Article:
The immune system is a complex network of cells, tissues, and organs that defend the body against diseases or foreign bodies. It protects our body against pathogenic microorganisms and any harmful invaders by recognizing and then attacking them to keep us stay healthy.
How can we have a robust immune system?
It is essential to have a healthy, daily diet plan. A well-balanced and nutritious diet should contain 12-15% protein, 55-60% carbohydrates, and 25-30% lipids (composed of unsaturated fatty acids < .0, trans-fatty acids ). It is also advised to avoid consuming foods containing refined sugar, added fat, preservatives, and additives. Pay attention when choosing food in your diet to its nutrient content; if it is rich in antioxidants, vitamins A, D, E, K, and B-complex and minerals such as magnesium, zinc, selenium, and iron.
Which foods are recommended for a healthy diet rich in antioxidants?
According to the American Health Organization, an adult is advised to consume 5-6 servings of vegetables and 6-11 servings of cereals to meet the daily antioxidant requirement of the body. Then we have to ask ourselves if we take that much amount of those foods every day. In general, it is common that we even skip meals in case of a busy schedule. What is the most natural solution to fulfill our antioxidant needs? We can include antioxidant-rich food into our diet, such as propolis, as it is almost 80 times more powerful antioxidant than pomegranate juice. We may easily take all the antioxidants that we need simply by taking 20 drops of propolis every day. Of course, we may add other antioxidant-rich foods like ginger, turmeric, onions, garlic, dark-green veggies (spinach and broccoli), and red-purple berries in our diet plan.
Propolis is a natural remedy, produced by bees by collecting resin from the stems, buds, and leaves of the plants, that exhibits antiviral, antibacterial, antifungal, and antioxidant features. Propolis shows the same effects of what they do in the beehive on the human body as well if processed under controlled conditions. It helps the body to fight with diseases by killing viruses and bacteria. Propolis removes harmful free radicals occurring from the metabolic activities and assists the body to be in good shape by contributing to wellness.
Do the antioxidants prevent the cytokine storm?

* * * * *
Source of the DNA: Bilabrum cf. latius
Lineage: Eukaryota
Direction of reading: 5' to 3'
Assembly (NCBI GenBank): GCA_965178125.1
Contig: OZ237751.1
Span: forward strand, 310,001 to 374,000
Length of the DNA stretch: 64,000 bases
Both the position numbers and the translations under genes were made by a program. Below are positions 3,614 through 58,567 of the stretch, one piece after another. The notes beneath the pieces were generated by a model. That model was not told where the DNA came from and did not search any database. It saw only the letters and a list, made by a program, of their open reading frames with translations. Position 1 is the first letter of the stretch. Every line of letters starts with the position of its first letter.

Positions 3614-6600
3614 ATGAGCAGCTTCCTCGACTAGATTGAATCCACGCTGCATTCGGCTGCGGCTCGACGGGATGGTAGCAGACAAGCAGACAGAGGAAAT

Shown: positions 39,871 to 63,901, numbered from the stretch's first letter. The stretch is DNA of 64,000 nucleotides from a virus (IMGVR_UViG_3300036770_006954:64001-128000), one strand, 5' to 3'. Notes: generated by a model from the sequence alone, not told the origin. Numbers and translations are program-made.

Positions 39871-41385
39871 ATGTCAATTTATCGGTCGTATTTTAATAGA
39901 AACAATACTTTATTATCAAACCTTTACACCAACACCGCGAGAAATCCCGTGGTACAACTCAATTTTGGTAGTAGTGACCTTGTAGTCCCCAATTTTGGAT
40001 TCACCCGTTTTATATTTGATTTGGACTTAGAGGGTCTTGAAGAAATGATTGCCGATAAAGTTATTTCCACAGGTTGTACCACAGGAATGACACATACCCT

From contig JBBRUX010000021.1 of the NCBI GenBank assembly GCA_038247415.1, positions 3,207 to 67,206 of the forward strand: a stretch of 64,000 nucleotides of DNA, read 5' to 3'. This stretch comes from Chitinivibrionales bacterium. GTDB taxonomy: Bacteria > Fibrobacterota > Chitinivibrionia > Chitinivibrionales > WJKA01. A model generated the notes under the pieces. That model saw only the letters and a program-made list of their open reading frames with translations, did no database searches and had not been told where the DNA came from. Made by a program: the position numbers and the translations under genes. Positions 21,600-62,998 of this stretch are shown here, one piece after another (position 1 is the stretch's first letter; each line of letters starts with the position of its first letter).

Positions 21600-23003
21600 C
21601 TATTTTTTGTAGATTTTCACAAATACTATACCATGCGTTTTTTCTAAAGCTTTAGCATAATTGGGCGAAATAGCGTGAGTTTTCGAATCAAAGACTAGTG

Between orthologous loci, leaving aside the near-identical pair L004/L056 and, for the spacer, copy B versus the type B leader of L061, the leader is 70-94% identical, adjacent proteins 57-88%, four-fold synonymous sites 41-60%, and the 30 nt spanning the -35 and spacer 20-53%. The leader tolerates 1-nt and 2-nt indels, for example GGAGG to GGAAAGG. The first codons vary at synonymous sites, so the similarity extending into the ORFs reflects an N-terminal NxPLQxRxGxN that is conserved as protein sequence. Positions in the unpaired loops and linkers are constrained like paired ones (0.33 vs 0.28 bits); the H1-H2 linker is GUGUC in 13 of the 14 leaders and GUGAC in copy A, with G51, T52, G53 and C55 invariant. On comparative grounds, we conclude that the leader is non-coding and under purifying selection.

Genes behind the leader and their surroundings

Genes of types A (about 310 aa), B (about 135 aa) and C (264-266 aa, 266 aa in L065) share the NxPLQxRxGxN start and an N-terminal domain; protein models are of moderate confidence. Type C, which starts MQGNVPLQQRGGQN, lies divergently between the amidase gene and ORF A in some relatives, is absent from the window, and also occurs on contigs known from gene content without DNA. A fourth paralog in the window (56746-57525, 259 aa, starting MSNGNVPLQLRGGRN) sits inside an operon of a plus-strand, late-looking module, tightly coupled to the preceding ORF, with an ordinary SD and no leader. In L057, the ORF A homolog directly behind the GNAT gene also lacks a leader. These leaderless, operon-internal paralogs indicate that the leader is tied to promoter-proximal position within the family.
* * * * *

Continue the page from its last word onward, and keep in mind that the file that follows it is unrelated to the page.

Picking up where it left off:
Based on scientific studies, the answer is yes. Reactive oxygen species play a central role in inflammatory responses and viral replications. However, the antioxidants that exert antiviral and anti-inflammatory effects are also useful for the treatment of cytokine storm induced by severe influenza. Many scientific studies revealed that the antioxidants may reduce the inflammation by suppressing cytokines. Research conducted at Otto Von Guericke University, Germany, demonstrated that propolis and its flavonoid constituents' suppressed cytokines, which cause inflammation in human body cells and improved immunomodulatory regulation. The study investigated the effects of different propolis extracts, the flavonoid hesperidin, quercetin, and caffeic acid phenethyl ester (CAPE) on human immune cell functions. The results showed that propolis and its constituents suppressed phytohemagglutinin-induced DNA synthesis of peripheral blood mononuclear cells and T cells in addition to different types of cytokines. Those results indicated a direct regulatory effect of propolis on the basic functional properties of immune cells. The scientists propose that propolis can be a powerful natural anti-inflammatory medicine influencing different types of immune responses.
More about a healthy immune system;
Last but not least, we have to be careful about consuming the least amount of alcohol and no smoking, taking a regular and sufficient sleep (average 7-8 h), drinking enough water (average 2-2,5 Lt.), and doing regular exercise. The immune system is susceptible to oxidative damage to the cells, and we need to preserve it for functioning correctly.
1. Maggini S, Wintergerst E, Beveridge S, Hornig D, Selected vitamins and trace elements support immune function by strengthening epithelial barriers and cellular and humoral immune responses, British Journal of Nutrition (2007), 98, Suppl. 1, S29–S35.
2. Ansorge S, Reinhold D, Lendeckel U, Propolis and Some of its Constituents Down-Regulate DNA Synthesis and Inflammatory Cytokine Production but Induce TGF-B1 Production of Human Immune Cells, Z. Naturforsch. 580-589, (2003).